Home  |  News  |  Events  |  Contact  |  Publications  |  City of Cambridge

Face Masks

When To Wear a Mask Indoors     

  • If your mask makes you feel more comfortable, wear it!
  • If you are fully vaccinated, masks are optional in most settings. 
  • If you are NOT fully vaccinated, please continue to mask up to protect yourself and others.
  • Still need a vaccine? Visit the City of Cambridge's vaccine page

Some vaccinated friends, family, and co-workers will decide not to mask up, while others will prefer to keep wearing one. Fully vaccinated people who choose to wear masks may be immunocompromised or live with someone who is, they may have children who cannot yet be vaccinated, or they may simply be more comfortable doing so. 

The important thing is to be respectful of people’s choices.

Face Masks in Cambridge

People who are fully vaccinated are not required to wear face masks in Cambridge in most settings, in accordance with the May 2021 Massachusetts Department of Public Health advisory and Centers for Disease and Prevention (CDC) guidance. 

Residents are encouraged to follow the Massachusetts and CDC recommendations for vaccinated and unvaccinated people. Businesses are reminded that they may continue to require the use of face masks inside their establishments if they wish.

All people in Massachusetts (regardless of vaccination status) are required to wear face masks in certain settings, including transportation and health care facilities. Please see Covid-19 Mask Requirements in Massachusetts.

Choosing the Best Mask for You

If you or or a family member are unvaccinated or immunocompromised, remember that not all masks provide the same level of protection. New research shows that high quality “medical-style” masks available to the public are most effective at protecting the wearer from infection.

Look for masks that fit snugly and block at least 90% of small viral particles from being breathed in. Masks should also be comfortable, especially if they are being worn throughout the day. 


Wear a mask with excellent filtration. Aim for 90-95%.

  • Several types of disposable masks available to the public provide excellent personal protection. These “high filtration” masks include KF94 masks (made in Korea), KN95 masks (made in China) and flat medical-style masks that are quality-certified.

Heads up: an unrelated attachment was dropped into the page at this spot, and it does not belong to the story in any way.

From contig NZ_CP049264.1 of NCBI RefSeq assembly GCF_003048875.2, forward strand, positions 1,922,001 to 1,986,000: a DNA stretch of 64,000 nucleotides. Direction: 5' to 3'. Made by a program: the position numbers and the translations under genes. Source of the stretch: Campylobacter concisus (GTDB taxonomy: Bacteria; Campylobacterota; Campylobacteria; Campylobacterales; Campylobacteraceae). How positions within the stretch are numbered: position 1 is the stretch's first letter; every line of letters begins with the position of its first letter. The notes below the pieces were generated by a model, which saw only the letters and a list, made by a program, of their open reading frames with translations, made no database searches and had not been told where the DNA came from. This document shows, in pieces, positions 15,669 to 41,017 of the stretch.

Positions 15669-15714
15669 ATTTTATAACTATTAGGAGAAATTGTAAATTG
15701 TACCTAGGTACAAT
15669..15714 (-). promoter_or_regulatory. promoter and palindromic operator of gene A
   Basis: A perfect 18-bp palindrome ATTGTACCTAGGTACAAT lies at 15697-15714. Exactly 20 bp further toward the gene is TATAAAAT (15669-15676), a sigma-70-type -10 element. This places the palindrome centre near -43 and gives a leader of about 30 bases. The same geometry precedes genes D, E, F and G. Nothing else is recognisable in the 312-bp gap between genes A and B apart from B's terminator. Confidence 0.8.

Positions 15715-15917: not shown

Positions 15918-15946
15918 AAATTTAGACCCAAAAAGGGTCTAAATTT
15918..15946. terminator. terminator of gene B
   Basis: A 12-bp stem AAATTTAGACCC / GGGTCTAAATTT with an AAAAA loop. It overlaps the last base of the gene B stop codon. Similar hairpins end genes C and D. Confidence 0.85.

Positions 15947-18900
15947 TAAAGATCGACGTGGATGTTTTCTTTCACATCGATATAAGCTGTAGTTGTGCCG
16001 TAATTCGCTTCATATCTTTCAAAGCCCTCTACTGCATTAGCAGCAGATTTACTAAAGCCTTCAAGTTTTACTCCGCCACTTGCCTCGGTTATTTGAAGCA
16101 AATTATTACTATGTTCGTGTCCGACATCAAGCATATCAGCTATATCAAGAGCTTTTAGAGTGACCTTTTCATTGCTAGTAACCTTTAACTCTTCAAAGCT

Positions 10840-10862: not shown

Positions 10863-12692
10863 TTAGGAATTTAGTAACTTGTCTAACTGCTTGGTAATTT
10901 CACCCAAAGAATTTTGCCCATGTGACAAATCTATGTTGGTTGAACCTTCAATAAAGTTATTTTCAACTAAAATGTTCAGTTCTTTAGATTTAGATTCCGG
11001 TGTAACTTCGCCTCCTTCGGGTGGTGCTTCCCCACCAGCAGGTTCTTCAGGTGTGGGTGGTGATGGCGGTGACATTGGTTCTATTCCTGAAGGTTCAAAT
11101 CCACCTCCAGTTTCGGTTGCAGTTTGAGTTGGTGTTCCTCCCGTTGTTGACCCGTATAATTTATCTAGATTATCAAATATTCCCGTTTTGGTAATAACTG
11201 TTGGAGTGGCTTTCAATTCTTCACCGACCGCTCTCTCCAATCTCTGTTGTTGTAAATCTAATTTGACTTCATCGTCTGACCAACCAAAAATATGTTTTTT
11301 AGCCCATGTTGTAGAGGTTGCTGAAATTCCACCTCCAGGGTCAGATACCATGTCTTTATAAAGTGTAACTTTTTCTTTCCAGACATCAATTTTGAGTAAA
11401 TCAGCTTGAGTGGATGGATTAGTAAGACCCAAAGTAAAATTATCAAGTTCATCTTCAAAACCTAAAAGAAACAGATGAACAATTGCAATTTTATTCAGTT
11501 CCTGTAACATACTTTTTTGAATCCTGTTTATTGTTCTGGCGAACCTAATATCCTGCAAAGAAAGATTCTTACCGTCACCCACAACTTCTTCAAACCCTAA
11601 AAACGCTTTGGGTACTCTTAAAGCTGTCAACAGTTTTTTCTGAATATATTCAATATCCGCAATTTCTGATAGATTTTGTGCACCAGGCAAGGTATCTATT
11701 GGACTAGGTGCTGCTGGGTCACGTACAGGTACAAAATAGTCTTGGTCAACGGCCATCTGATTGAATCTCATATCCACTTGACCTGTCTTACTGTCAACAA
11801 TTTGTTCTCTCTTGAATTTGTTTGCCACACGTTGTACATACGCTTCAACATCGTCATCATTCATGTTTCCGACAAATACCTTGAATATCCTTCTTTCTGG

• KN95 and KF94 fit more snugly, depending on face-shape, than flat medical-style masks. 
  • If shopping for masks, some keywords to look for are KF94, KN95, or ASTM-rated.
  • About Cloth Masks: Cloth masks are best suited to outdoor use when it's easy to social distance. Most cloth masks do a good job of protecting others if you are sick.

More information on pros and cons of different types of masks is available on the CDC website.


Choose masks that fit snugly and cover your nose, mouth, and chin.

  • All edges should touch your skin so that unfiltered air does not escape or enter through the gaps.
  • Try different shaped masks to fit your face.
  • Try "ear savers" or mask straps to change the way a mask fits on your face.
  • A bendable nose clip is important for keeping masks in place and closing gaps.
  • If you cannot get a good fit with a flat medical-style mask, consider placing a cloth mask over it. This is known as “double masking.”
  • See the CDC website for more tips on improving mask fit and double-masking
Mask Reuse and Care
  • High quality disposable masks can be reused many times, as long as they are not visibly damaged or soiled. In independent tests, these masks remained effective after 40 hours or more of use. 
  • Masks that have been filtering germs all day may have germs on their outside surface. When removing a mask, hold it by the ear loops and wash your hands afterwards.
  • Store used disposable masks in the open air or a paper bag to dry until you need them. 
  • Do not clean your disposable masks with soap or alcohol—or put them in the washing machine—because this will destroy their ability to block viral particles. Medical-style flat masks and KF94/KN95 masks still work when wet with perspiration. They can be dried with a tissue. 
  • Bacteria and fungi can grow on cloth masks, so they need to be washed daily with your laundry or in hot soapy water in the sink.
Updated: June 25, 2021


Cambridge Public Health Department
119 Windsor Street
Cambridge, MA 02139
617-665-3826 (main)
617-665-3800 (main)
617-665-3888 (fax)
617-643-0744 (TTY)

Hours: Monday-Friday:
8:30 a.m.–5 p.m.
After Hours

Map | Directory

Public Records 

Susan D. Breen
Interim Chief Public Health Officer



Cambirdge Health Alliance

Cambridge City
City of Cambridge